When Abraham was going with Isaac to offer him as a sacrifice, Isaac had asked, “Where is the burnt offering?” and Abraham had replied, “God will provide.” Here he used the word Elohim, without the article, indicating the all-pervading supreme power would provide. When in verse 18 he called the name of the place Jehovah-jireh, meaning “The Lord will provide,” he used the word Jehovah, the primary signification of which is probably the self-existent one. In our thoughts for today we want to consider the Lord as the One Who Will Provide.

God is love, and the nature of God makes it certain that He will provide for all the needs of His children. Let it be understood that His provision does not guarantee that all our needs will be met, but the lack is not in God, but in us. This is true in all areas, physical and spiritual.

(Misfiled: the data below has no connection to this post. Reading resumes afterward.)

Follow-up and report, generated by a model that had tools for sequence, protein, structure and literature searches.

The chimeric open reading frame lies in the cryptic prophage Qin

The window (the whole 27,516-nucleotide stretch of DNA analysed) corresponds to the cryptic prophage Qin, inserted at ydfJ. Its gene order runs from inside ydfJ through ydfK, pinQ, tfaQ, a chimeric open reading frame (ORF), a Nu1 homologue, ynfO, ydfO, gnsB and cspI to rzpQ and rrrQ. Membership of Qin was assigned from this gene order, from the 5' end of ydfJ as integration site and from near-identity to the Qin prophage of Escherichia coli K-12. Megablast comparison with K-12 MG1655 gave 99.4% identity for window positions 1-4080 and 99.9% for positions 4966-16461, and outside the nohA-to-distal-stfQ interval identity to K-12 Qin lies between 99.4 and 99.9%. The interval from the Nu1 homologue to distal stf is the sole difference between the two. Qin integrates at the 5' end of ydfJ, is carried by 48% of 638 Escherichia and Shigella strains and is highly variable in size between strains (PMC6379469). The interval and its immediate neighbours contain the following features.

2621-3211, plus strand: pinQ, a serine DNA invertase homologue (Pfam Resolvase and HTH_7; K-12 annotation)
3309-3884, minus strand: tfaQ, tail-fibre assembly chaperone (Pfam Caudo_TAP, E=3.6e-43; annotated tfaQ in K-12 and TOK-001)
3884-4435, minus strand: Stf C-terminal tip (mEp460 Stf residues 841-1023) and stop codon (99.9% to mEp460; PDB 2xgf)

For example, the Lord has made provision in earthly matters to feed every man and beast that lives. If natural resources were properly used and shared, there is no one that would lack. The Lord has provided us with salvation and pardon. Titus2:11says, “For the grace of God hath appeared, bringing salvation to all men.” It is not the grace of God that is lacking, but the faith of man to appropriate that grace on His terms.

Not only has the Lord provided us with grace and pardon through the Lamb of God, but when we accept that pardon on His terms, He promises that if we ask, He will give wisdom needed for living in accordance with His will (James 1:5). He provides protection from undue temptations and strength to bear them (1 Corinthians10:13). He provides a peace that passes understanding (Phil. 4:7), eternal life, and every spiritual blessing we need (Ephesians 1:2). All of this is simply on the basis of our surrendering to Him in faithful obedience.